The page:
You are here

Nicole Wilcox's Story

I am Nicole Wilcox from Cambridge Bay, and I am a registered nurse who graduated from Dalhousie University in Halifax. 

It wasn’t too long into my first clinical that nursing became my calling.

Growing up in Nunavut I was taught through observation or being explicitly told by my parents that we were meant to help each other. If you could help, then you did. 
Fast forward to my fourth and final year of school and nursing was still what I wanted to do for the rest of my working career. As the end of year approached, my fellow classmates and I were excitedly talking about final placement choices, requests and hopes. I was accepted to complete my final placement in my hometown of Cambridge Bay, Nunavut! I was excited, nervous, and had a million questions going through my mind. Would the community accept me as a medical professional? Would I be able to nurse the people that I grew up with? 

My preceptor Erin and I were not in Cambridge Bay for long before we were headed to Gjoa Haven to assist with short staffing during a respiratory Syncytial Virus (RSV) endemic. There were many late nights and very long days but I fell in love with helping my people when they needed it. It was a full circle moment! From my parents telling me we help people in any way we can, to nursing those in need whether it be sick babies, giving immunizations to protect from illnesses, routine screening, bloodwork, pap smears, etc. This is where I felt like I needed to be. 

As a new nursing graduate from Nunavut I had the opportunity to precept with someone for up to a year. Erin and I worked in three different Kitikmeot communities together and I learned so much in such a short time. I could probably spend hours to days talking about my experiences.
What nursing school could never have prepared me for was Arctic community nursing. I was warned to gain experience before moving home to Cambridge Bay, but I had high hopes that I would return and everything would be great. I was not prepared for the unexpected, nor expected deaths of people I had known for my entire life. I was not prepared for spending days at the health center working and charting, ensuring bloodwork was ordered, completing doctor referrals and requisitions, being on call, getting calls when not on-call and that all hands are needed when there is an emergency. 

There have also been many positive experiences such as being able to understand a little bit of what was being said in Inuktitut without a translator. Being greeted in other communities with “Oh, you’re the Inuk nurse!” I was able to help people understand their chronic illnesses, and I was able to understand people in a way that non-Inuit couldn’t understand. My preceptor sometimes thought patients were done speaking or that I didn’t understand their Inuktitut, when in fact I knew that they were just pausing in order to share more. Getting a patient’s full story and allowing space for that is so important. I was able to recognise when they were not ready for the next question.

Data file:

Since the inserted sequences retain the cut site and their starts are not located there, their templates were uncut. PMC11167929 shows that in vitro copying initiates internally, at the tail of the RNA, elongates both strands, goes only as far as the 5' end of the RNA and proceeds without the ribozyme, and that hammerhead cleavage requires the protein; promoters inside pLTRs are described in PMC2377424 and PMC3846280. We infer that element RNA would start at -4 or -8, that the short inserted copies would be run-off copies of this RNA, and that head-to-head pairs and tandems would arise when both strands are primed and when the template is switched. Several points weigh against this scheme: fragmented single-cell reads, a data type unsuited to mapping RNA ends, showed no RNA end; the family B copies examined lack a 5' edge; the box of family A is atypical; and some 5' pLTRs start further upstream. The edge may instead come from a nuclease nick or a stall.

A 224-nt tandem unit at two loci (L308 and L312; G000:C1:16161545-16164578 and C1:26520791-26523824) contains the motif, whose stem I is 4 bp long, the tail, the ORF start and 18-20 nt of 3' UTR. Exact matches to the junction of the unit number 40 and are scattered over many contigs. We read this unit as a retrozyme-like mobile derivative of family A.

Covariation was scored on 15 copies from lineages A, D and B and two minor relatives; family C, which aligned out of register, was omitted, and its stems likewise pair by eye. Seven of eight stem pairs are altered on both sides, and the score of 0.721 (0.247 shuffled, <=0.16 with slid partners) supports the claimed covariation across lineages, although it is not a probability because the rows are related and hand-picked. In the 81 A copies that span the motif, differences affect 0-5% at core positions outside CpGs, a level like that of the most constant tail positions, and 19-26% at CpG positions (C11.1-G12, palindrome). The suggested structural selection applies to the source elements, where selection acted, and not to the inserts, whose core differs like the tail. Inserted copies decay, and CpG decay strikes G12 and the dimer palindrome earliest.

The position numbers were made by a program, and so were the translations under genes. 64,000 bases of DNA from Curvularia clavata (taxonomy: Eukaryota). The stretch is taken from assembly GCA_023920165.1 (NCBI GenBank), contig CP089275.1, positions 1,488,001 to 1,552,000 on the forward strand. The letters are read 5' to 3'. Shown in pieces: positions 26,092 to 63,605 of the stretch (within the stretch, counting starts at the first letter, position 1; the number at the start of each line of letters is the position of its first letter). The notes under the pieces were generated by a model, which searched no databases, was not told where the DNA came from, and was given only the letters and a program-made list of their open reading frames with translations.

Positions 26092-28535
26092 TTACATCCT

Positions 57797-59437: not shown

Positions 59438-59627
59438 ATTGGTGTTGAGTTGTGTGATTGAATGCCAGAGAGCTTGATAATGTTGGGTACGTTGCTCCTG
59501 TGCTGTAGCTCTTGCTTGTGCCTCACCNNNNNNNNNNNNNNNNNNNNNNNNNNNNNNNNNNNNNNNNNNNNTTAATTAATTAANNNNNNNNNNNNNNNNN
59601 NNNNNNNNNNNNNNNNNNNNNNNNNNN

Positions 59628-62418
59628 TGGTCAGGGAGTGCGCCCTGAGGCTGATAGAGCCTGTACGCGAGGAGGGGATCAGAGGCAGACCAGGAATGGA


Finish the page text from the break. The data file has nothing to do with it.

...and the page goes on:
Before the end of those nine months, I realized that I was not ready for Community Health Nurse (CHN) work. I didn’t have the experience that everyone warned me about. I decided that I would not maintain my casual position as a CHN and would go back to Halifax and gain more experience. I had an interview with the Victorian Order of Nurses (VON) and, not really knowing what I was getting into, I accepted the job offer. I was still completing my orientation when I realized this was exactly what I was looking for. It was a job that I could afford to spend a little bit longer helping people, listening to their stories without having to run to the next call bell or working a 12-hour shift with the smell of hospital lingering home with me at the end of the day.

I was with the VON for four and a half years when I saw the job posting for a Public Health Nurse (PHN) in Cambridge Bay, Nunavut. My first thought was that this would be a great way to for me to get back home as a nurse. I applied, interviewed, and accepted the position – moving back home with my spouse and two dogs in the middle of a global pandemic. I have loved every minute of being a PHN in my home community, helping people as I was meant to.